In the second step, the dispersion can be distributed throughout the aqueous hydrogen peroxide by gentle agitation. The mixture is preferably maintained for a residence period that is long enough for the stannic oxide material to adsorb a substantial fraction of the maximum amount of impurity ions which it is capable of adsorbing in the prevailing conditions. At the discretion of the user of the process, he can either monitor the solution to detect the residual level of, for example, a representative impurity such as iron and determine from the results when the rate of impurity removal has fallen below an aceptable rate, or he can decide in advance upon a preset contact period. The latter can possibly be determined on the basis of previous sighting trials or prior monitoring of related impure solutions. The contact period is normally at least 10 minutes before it is passed to the subsequent filtration step, and can advantageously often be at least 30 minutes. Although the contact period is often not longer than about 500 minutes, on account of commercial constraints to optimise throughput, such contact periods would be readily tolerable from the viewpoint of the stability of the hydrogen peroxide solution.

The purification process of the present invention can be employed in respect of any aqueous solution containing about 70% w/w hydrogen peroxide or less and in many instances it will have a concentration in the range of 1 to 70%, and especially 5 to 70% w/w. The process can therefore be employed for concentrated hydrogen peroxide solutions, such as those containing 30 to 70% w/w H.sub.2 O.sub.2. If desired, the concentration of hydrogen peroxide in the stannic oxide suspension and the impure hydrogen peroxide solutions can be matched.

In the filtration step, the type of filter is selected having regard to the sub-micron particle size of the stannic oxide particles. In practice, the filtration techniques applicable to this step include microfiltration, ultracentrifugation and especially ultrafiltration. Examples of apparatus for effecting such techniques are well known in the art and need no further description here. Apparatus that is capable of filtering out small particles of about 0.1 microns diameter or larger diameter, and particularly from 0.07 to 0.25 microns is of direct applicability in the present invention. It is preferable to select the material of construction of the filter/filter membrane from those materials which do not release substantial quantities of ions into solution, such as PTFE.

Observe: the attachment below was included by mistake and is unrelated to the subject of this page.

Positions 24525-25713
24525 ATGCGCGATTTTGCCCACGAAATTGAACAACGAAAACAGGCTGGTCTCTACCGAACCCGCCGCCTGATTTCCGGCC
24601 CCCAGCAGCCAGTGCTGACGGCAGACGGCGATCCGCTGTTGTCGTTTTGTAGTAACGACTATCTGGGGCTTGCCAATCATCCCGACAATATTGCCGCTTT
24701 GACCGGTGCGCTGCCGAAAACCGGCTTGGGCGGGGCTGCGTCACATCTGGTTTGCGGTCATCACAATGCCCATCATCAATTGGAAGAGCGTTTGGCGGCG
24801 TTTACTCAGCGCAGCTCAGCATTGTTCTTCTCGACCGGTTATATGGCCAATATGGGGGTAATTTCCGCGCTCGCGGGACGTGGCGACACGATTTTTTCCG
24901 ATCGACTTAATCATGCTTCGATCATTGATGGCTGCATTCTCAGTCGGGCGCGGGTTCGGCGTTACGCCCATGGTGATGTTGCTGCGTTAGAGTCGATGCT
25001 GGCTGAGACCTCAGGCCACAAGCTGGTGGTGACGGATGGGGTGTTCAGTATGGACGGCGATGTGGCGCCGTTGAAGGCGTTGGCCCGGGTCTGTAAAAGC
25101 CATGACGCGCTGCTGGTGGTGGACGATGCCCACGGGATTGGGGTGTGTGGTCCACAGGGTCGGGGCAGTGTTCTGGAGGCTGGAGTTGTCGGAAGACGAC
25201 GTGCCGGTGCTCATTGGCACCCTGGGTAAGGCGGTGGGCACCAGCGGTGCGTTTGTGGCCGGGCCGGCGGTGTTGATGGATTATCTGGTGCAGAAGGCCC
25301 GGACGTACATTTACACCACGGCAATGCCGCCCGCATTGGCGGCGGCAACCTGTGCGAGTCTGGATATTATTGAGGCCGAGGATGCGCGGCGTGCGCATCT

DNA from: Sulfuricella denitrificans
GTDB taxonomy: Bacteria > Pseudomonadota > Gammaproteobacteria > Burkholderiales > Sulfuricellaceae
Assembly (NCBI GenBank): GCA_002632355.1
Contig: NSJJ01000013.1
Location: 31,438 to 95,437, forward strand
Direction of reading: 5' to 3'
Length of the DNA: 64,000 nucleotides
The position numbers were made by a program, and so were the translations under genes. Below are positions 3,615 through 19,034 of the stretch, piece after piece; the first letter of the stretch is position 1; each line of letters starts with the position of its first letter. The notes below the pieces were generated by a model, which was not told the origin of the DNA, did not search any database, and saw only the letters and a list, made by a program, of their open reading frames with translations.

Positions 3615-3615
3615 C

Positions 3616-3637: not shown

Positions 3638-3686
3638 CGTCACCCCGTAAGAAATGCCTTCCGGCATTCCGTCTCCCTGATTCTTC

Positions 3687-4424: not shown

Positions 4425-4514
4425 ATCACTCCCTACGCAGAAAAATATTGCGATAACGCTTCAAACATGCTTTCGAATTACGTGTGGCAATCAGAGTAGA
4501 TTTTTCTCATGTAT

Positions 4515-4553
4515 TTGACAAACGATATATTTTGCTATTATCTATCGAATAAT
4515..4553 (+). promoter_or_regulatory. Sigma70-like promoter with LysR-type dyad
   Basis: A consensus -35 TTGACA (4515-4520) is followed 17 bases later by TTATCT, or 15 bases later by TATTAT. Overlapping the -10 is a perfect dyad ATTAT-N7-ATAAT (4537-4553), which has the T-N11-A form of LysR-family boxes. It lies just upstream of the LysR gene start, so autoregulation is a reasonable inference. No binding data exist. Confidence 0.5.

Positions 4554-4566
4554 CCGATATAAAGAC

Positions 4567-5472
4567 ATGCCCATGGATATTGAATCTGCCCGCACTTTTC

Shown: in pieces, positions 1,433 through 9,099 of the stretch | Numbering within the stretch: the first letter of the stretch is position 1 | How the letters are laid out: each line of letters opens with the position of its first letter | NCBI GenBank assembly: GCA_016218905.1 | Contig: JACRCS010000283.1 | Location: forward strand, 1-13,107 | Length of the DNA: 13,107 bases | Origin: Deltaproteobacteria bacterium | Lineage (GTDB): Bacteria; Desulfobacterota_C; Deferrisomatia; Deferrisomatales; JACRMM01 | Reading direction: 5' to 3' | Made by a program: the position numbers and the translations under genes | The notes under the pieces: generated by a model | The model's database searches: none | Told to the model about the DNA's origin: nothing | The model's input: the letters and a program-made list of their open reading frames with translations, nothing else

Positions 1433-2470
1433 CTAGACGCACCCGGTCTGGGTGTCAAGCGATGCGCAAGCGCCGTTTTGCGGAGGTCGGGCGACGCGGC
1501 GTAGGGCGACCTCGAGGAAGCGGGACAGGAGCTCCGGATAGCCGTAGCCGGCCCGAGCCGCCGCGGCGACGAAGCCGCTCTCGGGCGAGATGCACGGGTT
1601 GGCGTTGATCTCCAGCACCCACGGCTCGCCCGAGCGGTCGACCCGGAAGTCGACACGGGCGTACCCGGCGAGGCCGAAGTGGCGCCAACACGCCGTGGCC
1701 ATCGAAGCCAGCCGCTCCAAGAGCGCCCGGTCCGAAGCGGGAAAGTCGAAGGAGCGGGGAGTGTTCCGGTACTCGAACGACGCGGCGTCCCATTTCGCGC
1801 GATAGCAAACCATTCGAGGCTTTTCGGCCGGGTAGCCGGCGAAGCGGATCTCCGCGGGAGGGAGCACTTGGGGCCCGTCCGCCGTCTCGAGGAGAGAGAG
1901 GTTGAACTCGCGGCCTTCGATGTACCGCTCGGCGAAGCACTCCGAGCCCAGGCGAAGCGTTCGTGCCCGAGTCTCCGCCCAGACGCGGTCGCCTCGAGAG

The invention process can be carried as a once through operation, if desired. Alternatively, the hydrogen peroxide purification can be repeated, in a cycle of steps 2 and 3, if desired, thereby improving the purification further. It is generally observable that the extent of improvement with each repeat cycle tends to diminish as the number of cycles increases. Thus, it can often be beneficial to employ at least two or three cycles, but the sixth and subsequent cycles can typically result in little detectable improvement in product purity. It will be recognised that in view of the small amount of purifying agent employed, it is often most convenient to merely discard the filtered impurity-loaded stannic oxide material. An alternative technique, less favoured, comprises the re-suspension of stannic oxide that is only lightly impurity-loaded, such as from a third or fourth purification cycle and employing it in an earlier cycle, such as the first or second cycle in the purification of further hydrogen peroxide solutions subsequently.

Alternatively or additionally to repeating the invention process in a cycle, the invention process can be supplemented in a polishing step, in which the purified peroxide solution is subsequently contacted with a suitable amount of an effective ion exchange resin in hydrogen form, i.e. the very types of resin which would be unsafe to treat the unpurified hydrogen peroxide solution. This combination of purification techniques can be contemplated with equanimity, provided the stannic oxide treatment is carried out first, because the prior treatment with stannic oxide is so effective at removing from the composition the transition metal ions that cause peroxide decomposition and render the resin purification technique unsafe. The resin is conveniently a pyridine-type anion exchange resin as described in Japanese Kokai 62-187103 to Wako Junyaku Kogyo, or polystyrenedivinyl benzene resins. The result of such a polishing treatment is to further reduce the concentration of alkali or alkaline earth metal ions, such as sodium.